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Article

Clarissa (Clara) Harlowe Barton (1821–1912) was the founder of the American Red Cross and its president from 1881 to 1904. She introduced the “American Amendment,” ensuring that the Red Cross would provide relief in peacetime as well as in war.

Article

Sadye L. M. Logan

As chief executive director of the National Association of Social Workers (NASW), Battle demonstrated a pioneering leadership that stimulated the organization and the social work profession to broader areas of social concerns. He was a social worker, educator, consultant, businessman, and former government official. Throughout his career, he blended expertise in management and labor issues with social work skills and knowledge.

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Paul H. Ephross

William D. Bechill (1928–2007) was a social worker who raised public and governmental consciousness about the needs of older Americans. He was responsible for the original design of the Medi–Cal legislation in California, which anticipated much of the Federal Medicare.

Article

Kenneth S. Carpenter

Bertram Beck (1918–2000) was a social worker who contributed to juvenile delinquency prevention and held many leadership positions in social work organizations. At Fordham University he was instrumental in creating the managed care institute and the religion and poverty institute.

Article

Jean K. Quam

Clifford Whittingham Beers (1876–1943) helped establish the American Foundation for Mental Hygiene and the International Foundation for Mental Hygiene. His work helped broaden knowledge of the causes, treatment, and prevention of mental illness.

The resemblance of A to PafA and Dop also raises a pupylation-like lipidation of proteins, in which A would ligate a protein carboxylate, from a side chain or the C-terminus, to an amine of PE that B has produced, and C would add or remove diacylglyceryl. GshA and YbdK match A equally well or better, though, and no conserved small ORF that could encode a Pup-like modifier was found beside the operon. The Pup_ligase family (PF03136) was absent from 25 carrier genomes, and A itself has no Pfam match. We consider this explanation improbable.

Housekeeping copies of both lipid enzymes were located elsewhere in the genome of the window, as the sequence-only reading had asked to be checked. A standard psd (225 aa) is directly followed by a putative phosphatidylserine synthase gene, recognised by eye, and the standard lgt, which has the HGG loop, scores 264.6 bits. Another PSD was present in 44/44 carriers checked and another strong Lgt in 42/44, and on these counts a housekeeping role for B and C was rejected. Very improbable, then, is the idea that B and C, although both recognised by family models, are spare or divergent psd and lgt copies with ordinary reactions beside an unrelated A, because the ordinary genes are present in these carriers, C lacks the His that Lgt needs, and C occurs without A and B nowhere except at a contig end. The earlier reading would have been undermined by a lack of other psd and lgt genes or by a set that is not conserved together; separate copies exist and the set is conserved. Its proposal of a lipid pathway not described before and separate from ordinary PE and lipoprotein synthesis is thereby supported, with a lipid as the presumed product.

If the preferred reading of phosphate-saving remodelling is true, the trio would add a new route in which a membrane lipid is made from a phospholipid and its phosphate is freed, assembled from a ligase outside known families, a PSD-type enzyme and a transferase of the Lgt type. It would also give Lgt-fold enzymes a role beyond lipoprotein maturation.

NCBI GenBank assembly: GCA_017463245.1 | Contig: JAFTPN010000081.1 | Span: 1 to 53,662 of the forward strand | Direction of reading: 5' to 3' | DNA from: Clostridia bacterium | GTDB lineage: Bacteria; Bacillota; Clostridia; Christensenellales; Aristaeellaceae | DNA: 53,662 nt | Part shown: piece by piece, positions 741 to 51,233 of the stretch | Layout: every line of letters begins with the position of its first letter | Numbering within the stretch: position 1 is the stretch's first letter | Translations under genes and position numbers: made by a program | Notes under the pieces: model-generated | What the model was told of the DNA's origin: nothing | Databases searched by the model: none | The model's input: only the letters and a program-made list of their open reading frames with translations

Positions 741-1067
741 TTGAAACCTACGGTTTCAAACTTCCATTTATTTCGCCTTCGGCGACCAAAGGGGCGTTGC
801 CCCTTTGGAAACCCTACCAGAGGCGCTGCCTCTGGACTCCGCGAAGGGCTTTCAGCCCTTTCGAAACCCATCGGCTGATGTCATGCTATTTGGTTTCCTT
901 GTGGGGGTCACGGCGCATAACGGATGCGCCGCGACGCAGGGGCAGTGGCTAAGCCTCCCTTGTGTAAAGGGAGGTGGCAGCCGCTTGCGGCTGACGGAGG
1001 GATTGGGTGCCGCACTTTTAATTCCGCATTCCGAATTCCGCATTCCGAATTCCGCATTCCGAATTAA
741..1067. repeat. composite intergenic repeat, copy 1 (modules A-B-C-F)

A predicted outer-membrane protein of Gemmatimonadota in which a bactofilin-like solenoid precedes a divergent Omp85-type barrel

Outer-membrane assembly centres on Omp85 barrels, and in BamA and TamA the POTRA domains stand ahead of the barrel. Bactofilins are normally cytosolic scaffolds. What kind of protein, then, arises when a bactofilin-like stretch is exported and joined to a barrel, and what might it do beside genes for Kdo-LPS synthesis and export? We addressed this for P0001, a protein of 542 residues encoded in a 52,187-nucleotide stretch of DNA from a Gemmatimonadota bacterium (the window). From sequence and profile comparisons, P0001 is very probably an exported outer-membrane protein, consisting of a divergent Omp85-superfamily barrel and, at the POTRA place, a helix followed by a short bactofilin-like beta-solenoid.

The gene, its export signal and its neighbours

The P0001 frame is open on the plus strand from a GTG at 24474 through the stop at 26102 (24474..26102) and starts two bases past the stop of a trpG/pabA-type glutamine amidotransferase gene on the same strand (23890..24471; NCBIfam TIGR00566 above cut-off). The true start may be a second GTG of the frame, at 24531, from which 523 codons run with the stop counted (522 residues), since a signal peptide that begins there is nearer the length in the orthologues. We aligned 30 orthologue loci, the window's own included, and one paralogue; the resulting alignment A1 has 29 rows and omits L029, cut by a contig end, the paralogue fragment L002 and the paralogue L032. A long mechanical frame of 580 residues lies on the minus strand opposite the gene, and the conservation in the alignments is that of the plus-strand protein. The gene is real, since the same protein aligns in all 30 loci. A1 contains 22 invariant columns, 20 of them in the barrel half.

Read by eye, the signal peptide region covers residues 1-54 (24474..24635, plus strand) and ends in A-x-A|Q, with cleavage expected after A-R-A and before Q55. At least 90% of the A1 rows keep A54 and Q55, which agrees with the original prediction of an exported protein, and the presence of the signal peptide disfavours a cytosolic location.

Article

Philip Mendes

Connie Benn (1926–2011) was a prominent Australian social work practitioner, researcher, and social activist. As a leader of the Australian Association of Social Workers in the 1960s, she encouraged social workers to move beyond a narrow focus on casework to participate in broader movements for social reform. In the early 1970s, she led the Brotherhood of St Laurence’s Family Centre Project, which pioneered the application of structural social work methods to assisting a group of disadvantaged families.

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Teri Pichot

Insoo Kim Berg, MSW (1934–2007), along with her husband, Steve de Shazer, was a primary developer of solution-focused brief therapy. She was a prolific author as well as a gifted clinician who traveled around the world inspiring and training professionals in this unique model.

Article

Kenneth S. Carpenter

Margaret Berry (1915–2002) was Executive Director of the National Conference on Social Welfare from 1972 to 1979. She was actively involved in developing group work activities on an international basis.

Article

Wilma Peebles-Wilkins

Mary McLeod Bethune (1875–1955) was a teacher committed to the education and development of Black women. Her role as president of the National Association of Colored Women led to the founding of the National Council of Negro Women in 1935.

Article

James Midgley

Lord William Beveridge (1879–1963) was one of the founders of the British welfare state. His report of 1942 formed the basis for the Labour Government's social policies between 1945 and 1950 and fostered the creation of Britain's national health services.